In the late 1990s/early 2000s gender-bending female artists started to rise in popularity. The pro-LBGT group Le Tigre began to gain recognition. Chicks on Speed released electroclash songs that highlighted society’s obsession with the female body. And of course… there was the Canadian born, false-beard-wearing, giant-inflatable-penis-riding, pubic-hair-celebrating, feminist and great appreciator of irony: Peaches.
But for the past few years, there has been a lull within the fem-rock community. Peaches released her fifth album, I Feel Cream, in 2009, but on the whole, this socio-political form of music seemed to be disappearing from modern culture.
However, within the past few months, there has been a resurgence of fem rockers. These women are completely reinventing the genre.
South African rap-rave group Die Antwoord has been gaining attention for the music video, “Rich Bitch.” In the video, female rapper Yolandi Visser sits on a toilet with golden underpants around her ankles. She has her “grill” and her badass haircut and she raps about her wealth and her past of violence. The music isn’t particularly creative and the content of the video is obviously controversial, but Visser undoubtably works to reinvent the way that society perceives female artists. She is not a man, but she has stepped into the image that viewers associate with males in the industry.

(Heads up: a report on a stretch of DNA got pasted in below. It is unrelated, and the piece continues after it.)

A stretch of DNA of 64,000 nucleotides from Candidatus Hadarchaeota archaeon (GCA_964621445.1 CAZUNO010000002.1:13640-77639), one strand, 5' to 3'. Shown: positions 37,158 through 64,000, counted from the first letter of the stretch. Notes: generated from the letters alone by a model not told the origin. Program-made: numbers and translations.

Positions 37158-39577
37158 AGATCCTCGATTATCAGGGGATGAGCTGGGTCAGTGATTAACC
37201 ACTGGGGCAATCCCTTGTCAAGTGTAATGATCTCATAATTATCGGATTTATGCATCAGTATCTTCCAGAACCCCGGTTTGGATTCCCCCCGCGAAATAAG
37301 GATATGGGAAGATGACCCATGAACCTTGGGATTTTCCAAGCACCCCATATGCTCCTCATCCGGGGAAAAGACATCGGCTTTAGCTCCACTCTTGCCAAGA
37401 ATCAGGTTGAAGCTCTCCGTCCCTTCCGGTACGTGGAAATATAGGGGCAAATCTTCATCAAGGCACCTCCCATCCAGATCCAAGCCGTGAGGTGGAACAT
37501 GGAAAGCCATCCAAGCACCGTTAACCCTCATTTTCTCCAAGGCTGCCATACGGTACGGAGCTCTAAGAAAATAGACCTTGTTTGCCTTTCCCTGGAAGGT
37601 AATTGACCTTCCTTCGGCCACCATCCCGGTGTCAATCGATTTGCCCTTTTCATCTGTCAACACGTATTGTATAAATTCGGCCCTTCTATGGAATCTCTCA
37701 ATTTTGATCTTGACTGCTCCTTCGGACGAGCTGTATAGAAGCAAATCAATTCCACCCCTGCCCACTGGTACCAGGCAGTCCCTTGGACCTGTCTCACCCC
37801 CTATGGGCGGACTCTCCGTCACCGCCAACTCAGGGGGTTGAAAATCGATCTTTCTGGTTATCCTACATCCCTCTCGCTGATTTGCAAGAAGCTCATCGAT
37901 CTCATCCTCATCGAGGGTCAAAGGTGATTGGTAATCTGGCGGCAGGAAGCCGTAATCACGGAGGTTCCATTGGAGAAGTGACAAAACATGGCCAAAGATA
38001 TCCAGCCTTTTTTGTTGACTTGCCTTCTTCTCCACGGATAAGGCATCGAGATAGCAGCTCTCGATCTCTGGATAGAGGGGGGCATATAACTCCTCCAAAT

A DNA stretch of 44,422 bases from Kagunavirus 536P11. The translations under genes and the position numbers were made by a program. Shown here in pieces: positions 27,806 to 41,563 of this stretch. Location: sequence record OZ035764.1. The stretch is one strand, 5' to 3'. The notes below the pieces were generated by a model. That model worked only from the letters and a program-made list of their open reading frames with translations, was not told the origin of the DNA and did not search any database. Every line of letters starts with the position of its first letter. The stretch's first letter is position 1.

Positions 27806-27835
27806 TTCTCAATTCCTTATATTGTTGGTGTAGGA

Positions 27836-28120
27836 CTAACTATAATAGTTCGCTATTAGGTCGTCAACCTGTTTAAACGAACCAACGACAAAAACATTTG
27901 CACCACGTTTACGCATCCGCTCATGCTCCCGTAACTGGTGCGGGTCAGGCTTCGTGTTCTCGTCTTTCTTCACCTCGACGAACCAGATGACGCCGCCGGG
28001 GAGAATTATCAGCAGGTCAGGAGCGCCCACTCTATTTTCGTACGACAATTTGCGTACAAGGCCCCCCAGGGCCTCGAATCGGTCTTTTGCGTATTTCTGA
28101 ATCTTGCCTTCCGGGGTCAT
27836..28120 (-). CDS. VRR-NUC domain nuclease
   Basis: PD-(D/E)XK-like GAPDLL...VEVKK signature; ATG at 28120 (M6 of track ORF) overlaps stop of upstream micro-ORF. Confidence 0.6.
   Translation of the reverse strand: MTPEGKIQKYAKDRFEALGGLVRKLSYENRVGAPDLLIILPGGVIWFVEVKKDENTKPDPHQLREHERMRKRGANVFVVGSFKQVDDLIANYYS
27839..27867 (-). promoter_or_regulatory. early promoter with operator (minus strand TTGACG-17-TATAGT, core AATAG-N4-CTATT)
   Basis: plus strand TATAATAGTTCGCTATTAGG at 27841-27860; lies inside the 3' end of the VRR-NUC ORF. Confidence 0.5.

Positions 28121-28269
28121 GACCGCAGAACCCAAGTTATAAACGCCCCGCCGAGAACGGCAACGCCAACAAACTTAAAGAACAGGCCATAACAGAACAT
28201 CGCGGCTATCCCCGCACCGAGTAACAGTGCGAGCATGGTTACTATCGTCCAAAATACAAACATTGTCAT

Sweedish singer Lykke Li has also been in the media quite a lot recently, especially for some choices regarding her lyrics. In her song, “Get Some,” she sings “I’m your prostitute, you gon’ get some.” The music video for the song flashes black and white images of female “island savages” capturing men and celebrating primal victory. The lyrics and the video play off of each other in a way that creates a sort of bizarre sexual empowerment and conquers the assumed exploitative quality of the lyrics.
And then there is 2010 grammy nominee Janelle Monae. Monae is known for her creativity and and for the intricate narratives of her songs and videos, but she is also recognized for her unique style. Monae is almost always dressed in a tuxedo. By choosing this masculine associated uniform over minidresses and cleavage-bearing tops, Monae is paving the way for a new sort of Hollywood woman–one not judged by her physical appearance, but by her talent.